64-year-old Marilyn Pharis was sleeping in her home in Santa Maria, California on July 24 when 29-year-old Victor Aureliano Martinez Ramirez and 20-year-old Jose Villagomez broke in. The two men sexually assaulted, strangled, and repeatedly struck Pharis in the head with a hammer. She died eight days later.
Martinez Ramirez, it turns out, was in the U.S. illegally. Not only that, he had been arrested just two weeks before he murdered Pharis for possession of methamphetamine.
This arrest was Martinez Ramirez’s sixth in 15 months. Yet, all he received was a citation.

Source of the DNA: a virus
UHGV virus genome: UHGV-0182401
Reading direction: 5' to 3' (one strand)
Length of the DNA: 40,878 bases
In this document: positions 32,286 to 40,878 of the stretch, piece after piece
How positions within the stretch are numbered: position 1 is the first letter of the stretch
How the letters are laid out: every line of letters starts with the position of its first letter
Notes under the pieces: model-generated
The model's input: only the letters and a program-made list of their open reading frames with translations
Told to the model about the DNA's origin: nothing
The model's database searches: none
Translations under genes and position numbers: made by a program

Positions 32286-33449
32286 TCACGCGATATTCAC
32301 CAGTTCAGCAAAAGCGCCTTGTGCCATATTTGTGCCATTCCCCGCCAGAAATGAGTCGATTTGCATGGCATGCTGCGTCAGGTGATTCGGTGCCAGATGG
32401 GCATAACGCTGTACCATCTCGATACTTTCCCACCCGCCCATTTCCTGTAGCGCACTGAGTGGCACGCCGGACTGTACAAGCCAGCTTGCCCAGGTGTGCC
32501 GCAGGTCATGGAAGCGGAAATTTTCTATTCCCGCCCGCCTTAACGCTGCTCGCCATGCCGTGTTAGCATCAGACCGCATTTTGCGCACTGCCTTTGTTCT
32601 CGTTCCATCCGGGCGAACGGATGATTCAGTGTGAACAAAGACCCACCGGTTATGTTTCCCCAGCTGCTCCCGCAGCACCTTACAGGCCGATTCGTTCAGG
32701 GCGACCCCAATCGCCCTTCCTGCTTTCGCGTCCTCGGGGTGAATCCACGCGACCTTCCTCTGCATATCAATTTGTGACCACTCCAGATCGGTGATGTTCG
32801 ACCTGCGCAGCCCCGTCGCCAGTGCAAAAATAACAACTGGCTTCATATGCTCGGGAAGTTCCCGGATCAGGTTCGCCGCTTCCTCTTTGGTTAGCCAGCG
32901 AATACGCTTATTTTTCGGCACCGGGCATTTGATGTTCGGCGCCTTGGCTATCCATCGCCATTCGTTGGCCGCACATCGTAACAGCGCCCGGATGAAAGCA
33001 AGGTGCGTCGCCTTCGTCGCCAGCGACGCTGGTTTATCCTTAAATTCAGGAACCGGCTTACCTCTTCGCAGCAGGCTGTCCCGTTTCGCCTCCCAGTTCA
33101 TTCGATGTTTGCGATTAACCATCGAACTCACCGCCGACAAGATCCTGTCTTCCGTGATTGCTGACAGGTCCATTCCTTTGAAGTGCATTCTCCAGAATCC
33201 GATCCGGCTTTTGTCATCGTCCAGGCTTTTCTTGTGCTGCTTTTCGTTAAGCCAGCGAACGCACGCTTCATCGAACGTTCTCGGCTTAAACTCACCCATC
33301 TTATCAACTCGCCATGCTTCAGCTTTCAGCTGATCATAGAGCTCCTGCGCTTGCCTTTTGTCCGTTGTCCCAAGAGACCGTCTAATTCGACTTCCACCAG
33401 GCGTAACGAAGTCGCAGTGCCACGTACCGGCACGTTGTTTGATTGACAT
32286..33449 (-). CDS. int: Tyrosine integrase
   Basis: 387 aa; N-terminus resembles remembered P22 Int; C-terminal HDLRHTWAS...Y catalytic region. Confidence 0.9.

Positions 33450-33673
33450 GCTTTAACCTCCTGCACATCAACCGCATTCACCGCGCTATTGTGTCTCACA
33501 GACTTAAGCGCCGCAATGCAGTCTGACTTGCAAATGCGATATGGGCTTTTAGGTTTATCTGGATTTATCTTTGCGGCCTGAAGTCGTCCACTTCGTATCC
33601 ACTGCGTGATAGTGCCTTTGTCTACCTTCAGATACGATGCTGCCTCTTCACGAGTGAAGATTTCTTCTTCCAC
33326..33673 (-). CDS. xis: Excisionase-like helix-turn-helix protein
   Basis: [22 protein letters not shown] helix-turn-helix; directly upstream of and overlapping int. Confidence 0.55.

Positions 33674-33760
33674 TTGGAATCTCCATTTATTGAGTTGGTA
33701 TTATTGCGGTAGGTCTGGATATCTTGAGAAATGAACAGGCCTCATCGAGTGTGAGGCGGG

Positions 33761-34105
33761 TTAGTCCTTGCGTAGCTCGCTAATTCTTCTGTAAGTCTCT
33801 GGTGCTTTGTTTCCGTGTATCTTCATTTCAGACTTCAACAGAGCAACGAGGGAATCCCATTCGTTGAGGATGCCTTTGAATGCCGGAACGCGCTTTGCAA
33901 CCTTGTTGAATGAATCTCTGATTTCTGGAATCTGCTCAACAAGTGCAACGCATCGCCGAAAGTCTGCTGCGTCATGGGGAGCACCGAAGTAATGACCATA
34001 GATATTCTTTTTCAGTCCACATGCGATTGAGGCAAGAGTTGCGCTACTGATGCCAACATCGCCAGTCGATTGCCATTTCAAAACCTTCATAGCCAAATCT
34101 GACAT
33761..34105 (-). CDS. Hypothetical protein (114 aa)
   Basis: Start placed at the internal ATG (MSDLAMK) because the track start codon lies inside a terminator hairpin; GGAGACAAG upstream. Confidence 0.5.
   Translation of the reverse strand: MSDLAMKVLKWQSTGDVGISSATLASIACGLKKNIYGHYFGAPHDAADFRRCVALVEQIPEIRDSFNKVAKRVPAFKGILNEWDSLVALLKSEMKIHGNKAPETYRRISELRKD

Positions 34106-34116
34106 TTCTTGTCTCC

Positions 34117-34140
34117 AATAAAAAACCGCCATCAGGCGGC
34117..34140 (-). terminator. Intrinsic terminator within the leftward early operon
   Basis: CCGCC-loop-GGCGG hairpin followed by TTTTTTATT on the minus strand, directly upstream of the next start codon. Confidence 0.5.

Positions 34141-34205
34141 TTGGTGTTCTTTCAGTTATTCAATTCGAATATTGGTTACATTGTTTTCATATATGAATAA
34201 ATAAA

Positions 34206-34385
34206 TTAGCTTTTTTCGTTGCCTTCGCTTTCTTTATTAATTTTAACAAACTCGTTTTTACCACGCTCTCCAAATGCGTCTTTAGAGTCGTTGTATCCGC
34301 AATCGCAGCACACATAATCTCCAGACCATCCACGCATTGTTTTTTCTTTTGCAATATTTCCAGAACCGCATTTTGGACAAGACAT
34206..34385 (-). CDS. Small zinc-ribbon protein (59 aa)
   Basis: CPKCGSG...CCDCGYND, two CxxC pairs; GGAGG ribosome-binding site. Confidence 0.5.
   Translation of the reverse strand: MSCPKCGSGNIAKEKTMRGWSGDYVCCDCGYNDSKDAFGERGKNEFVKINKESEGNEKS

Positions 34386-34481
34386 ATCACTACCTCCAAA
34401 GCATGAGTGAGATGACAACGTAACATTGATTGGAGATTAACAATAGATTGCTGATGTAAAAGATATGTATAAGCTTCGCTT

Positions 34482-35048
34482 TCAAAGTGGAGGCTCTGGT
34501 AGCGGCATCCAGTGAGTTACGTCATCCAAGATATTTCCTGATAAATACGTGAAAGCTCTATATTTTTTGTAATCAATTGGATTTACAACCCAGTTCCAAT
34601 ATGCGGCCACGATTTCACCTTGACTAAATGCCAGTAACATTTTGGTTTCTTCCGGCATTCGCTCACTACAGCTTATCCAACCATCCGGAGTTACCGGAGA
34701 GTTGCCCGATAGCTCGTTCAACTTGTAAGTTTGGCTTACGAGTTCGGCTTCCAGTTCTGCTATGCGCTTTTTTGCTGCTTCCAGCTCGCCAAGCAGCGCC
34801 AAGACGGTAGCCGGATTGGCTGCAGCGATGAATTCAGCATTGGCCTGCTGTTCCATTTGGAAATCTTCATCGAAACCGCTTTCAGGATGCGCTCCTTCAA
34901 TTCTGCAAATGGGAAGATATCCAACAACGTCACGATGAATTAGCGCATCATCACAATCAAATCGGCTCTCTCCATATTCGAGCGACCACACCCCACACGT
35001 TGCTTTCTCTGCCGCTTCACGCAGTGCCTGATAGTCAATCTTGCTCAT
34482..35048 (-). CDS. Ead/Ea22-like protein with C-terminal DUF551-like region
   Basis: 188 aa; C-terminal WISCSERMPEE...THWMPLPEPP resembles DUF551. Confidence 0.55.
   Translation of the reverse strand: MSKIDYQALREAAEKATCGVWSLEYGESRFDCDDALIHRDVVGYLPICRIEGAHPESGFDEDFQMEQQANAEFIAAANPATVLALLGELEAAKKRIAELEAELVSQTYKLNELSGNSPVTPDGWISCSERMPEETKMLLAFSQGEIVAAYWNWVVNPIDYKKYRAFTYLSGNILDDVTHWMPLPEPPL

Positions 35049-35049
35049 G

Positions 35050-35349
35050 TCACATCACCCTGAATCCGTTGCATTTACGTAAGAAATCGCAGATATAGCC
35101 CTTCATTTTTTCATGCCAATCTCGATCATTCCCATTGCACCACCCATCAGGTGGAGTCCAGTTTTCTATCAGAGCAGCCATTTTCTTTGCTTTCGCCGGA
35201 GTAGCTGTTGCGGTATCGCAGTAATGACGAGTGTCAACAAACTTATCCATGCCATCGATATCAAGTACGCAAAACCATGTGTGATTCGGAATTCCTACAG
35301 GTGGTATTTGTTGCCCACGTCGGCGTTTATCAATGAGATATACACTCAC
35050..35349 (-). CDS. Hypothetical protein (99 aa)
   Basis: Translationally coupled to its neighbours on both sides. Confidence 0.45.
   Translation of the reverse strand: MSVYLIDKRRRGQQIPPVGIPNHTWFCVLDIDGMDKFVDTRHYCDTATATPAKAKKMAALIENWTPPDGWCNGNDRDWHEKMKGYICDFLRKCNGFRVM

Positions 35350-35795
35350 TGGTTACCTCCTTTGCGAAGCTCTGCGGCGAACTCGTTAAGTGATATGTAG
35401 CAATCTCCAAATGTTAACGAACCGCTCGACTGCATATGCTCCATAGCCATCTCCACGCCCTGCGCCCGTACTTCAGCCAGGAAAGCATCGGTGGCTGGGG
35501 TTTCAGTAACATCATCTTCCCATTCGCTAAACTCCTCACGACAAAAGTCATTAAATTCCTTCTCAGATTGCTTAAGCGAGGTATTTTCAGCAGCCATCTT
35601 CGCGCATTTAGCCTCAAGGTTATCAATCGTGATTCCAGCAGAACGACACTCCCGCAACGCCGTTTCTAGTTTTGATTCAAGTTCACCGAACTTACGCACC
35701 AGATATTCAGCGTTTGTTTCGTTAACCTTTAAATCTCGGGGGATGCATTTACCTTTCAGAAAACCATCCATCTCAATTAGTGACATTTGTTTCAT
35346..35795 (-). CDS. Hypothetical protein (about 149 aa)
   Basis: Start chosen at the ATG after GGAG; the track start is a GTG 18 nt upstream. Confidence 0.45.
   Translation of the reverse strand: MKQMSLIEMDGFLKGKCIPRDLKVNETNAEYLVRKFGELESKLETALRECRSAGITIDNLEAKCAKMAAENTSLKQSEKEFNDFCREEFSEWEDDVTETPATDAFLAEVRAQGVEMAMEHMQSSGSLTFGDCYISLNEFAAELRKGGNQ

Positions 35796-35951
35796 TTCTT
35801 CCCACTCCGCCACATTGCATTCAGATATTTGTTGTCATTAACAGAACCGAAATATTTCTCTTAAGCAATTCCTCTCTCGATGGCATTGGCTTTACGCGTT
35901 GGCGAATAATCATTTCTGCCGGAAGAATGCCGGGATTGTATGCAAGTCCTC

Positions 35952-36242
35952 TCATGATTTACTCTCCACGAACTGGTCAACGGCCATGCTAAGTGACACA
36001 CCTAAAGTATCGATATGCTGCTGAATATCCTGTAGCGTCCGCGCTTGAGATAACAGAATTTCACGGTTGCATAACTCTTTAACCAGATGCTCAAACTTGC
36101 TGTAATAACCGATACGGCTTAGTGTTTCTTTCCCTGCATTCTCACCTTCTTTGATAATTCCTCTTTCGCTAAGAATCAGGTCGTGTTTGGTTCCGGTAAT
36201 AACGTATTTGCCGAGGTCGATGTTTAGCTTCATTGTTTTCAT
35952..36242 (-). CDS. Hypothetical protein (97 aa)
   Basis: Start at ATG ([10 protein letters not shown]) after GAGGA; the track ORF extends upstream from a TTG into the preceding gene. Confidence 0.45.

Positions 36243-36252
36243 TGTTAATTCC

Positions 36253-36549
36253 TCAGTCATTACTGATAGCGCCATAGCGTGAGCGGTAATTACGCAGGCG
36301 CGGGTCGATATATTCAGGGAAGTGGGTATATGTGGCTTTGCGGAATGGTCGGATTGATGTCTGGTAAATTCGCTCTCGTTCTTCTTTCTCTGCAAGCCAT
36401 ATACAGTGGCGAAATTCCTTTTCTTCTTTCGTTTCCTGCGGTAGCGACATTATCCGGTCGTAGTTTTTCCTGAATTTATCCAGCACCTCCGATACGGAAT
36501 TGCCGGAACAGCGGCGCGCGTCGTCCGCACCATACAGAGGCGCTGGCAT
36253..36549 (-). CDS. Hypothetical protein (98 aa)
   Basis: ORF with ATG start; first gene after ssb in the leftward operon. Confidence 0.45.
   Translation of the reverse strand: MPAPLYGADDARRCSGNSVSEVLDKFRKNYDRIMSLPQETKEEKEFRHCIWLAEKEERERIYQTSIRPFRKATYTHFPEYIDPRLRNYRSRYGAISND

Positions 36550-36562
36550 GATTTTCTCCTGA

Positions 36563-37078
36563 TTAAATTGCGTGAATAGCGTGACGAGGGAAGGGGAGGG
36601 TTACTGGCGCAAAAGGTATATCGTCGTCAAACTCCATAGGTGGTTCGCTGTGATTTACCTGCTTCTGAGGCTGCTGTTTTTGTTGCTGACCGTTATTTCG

Why? Santa Maria police chief Ralph Martin explained that his department does not have the authority to hold suspects in custody because of their illegal immigration status, and Immigration and Customs Enforcement (ICE) never provided a federal order to keep Martinez Ramirez in custody on an immigration hold as required by current law.
According to Martin:
We had to cite him out. That’s the problem with this system. This is not just in Santa Maria, this is all over the state of California and all over the United States.
This is a national issue. I think it starts in Washington DC with this administration that we see and these policies, I think you can draw a direct line over to Sacramento with the policies I’m going to say with this Governor and the Legislature. We’ve seen AB 109 passed, we’ve seen Prop 47 passed. . . .
[F]rom Washington DC to Sacramento there’s a blood trail leading to the bedroom of Marilyn Pharis.
There is, indeed, and I think it helps explain why Donald Trump has made so much headway.